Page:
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Philip Piletic

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Smart but silent – Making a career as an introvert



Being an introverted person can produce challenges that the rest of society can't relate to. And most likely that is why introverts, who are actually most often than not quite intelligent, find it difficult to enter the job market, are bullied at work or are passed up on big promotions.

I am not an introvert, but I am trained to deal with all kinds of personalities, and I know and understand quite well how challenging a normal life can be for those who suffer from an introverted personality. But I don't use the word "suffer" as a negative connotation against you or any other introverted person. Being introverted causes you to suffer from other individuals' misunderstanding.

Set Your Feelings Aside for the Better Good

This article is primarily aimed at those who are introverted and are finding it difficult to enter the job market or keep a job once you get one. Just because you have an issue keeping a job or finding one doesn’t mean you’re not qualified - maybe you are actually more qualified than any.

Here's the thing that people don't understand about you: The term "introvert" has for too long been associated with maligned and unflattering personality traits. Many serial killer movies (and shows like Dexter) portray introverts as shy, socially awkward, indifferent, and unable to communicate well. If they're faced with long days around people, are forced to talk on the phone too long, or meet too many new faces, watch out for the mental meltdown. So, to the untrained eye, this seems like introverts doom. How I see it is that introverts and extroverts simply get into their creative zones in different fashions. Extroverts, much like myself, get our energy from stressful, fast paced, and even sometimes dangerous situations (though, I stay away from danger). Introverts, on the other hand, get energy from enjoying solitude - entering into their own worlds and finding their zen.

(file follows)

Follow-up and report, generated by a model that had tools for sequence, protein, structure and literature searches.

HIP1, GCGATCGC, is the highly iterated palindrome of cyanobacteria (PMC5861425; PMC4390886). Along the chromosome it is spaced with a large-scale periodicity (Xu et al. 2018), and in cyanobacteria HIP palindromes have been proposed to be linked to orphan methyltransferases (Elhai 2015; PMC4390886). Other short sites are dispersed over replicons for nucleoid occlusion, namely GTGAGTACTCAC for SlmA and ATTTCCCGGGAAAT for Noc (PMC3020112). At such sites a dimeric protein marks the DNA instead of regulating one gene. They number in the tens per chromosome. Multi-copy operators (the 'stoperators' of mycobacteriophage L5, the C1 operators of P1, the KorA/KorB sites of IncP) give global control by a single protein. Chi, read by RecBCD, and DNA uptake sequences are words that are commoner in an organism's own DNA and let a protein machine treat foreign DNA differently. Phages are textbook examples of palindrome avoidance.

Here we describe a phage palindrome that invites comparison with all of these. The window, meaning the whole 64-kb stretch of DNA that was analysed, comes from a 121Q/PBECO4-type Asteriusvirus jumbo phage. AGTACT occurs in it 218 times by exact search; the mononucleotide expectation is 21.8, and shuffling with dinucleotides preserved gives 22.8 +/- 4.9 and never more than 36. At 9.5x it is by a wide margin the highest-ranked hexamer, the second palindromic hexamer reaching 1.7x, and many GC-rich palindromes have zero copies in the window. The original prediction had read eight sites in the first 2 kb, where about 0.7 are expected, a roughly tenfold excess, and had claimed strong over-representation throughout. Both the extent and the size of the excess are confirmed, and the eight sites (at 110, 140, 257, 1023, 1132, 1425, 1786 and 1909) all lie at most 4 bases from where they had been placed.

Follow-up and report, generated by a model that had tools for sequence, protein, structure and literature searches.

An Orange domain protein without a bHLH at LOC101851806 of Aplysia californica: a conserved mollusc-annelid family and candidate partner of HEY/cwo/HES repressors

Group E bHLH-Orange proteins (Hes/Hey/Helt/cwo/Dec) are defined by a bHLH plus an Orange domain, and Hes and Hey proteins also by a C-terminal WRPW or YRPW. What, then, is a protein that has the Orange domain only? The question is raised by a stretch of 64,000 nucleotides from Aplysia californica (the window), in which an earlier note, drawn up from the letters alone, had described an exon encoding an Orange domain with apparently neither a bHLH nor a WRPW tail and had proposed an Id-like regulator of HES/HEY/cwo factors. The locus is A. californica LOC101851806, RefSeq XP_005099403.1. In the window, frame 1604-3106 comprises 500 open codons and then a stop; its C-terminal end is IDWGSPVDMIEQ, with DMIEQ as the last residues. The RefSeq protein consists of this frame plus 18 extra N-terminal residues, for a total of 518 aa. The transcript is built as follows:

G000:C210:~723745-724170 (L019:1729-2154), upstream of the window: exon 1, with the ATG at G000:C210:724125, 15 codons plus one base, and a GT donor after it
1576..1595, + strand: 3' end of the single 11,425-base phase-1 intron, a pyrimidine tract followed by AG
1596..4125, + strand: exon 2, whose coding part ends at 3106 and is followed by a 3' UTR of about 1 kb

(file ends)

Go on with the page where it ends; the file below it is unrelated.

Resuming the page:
For me, as an extrovert, I find too much solitude puts me into a bad mood - I totally lose my focus. Below you will find some methods that are taught in psychology to assist you in entering and staying in the job market, whatever your chosen career is.

Use Your Creative Side to Create Great Cover Letters

Since introverts have a have a hard time expressing themselves to strangers, especially being under further stress of an interview, use your intelligence and creativity to wow your potential boss with a well-written cover letter.
Instead of simply restating what you did on your resume, try to spice it up with a story of who you are, what you have done, and how you got to where you are today. Nevertheless, don't get carried away. This type of thing takes finesse. A tip from “Your tone should be confident without being arrogant. Avoid attempts to be ‘cute’ or ‘catchy’ in your opening. Gimmicky attempts to gain attention can appear insincere. It is best to keep your letter polished and professional as well as interesting and visually appealing. Mention only positive things and be formal, yet friendly and open."

So, you’re probably wondering how that fits with my advice. Well, it actually does, they just worded it differently than me. In order to sell yourself, you don’t have to open your cover letter with a story about how your great grandfather once sat you on his lap and told you the secrets of the universe. That would be kind of gimmicky.

Develop True Poise and Confidence in Interviews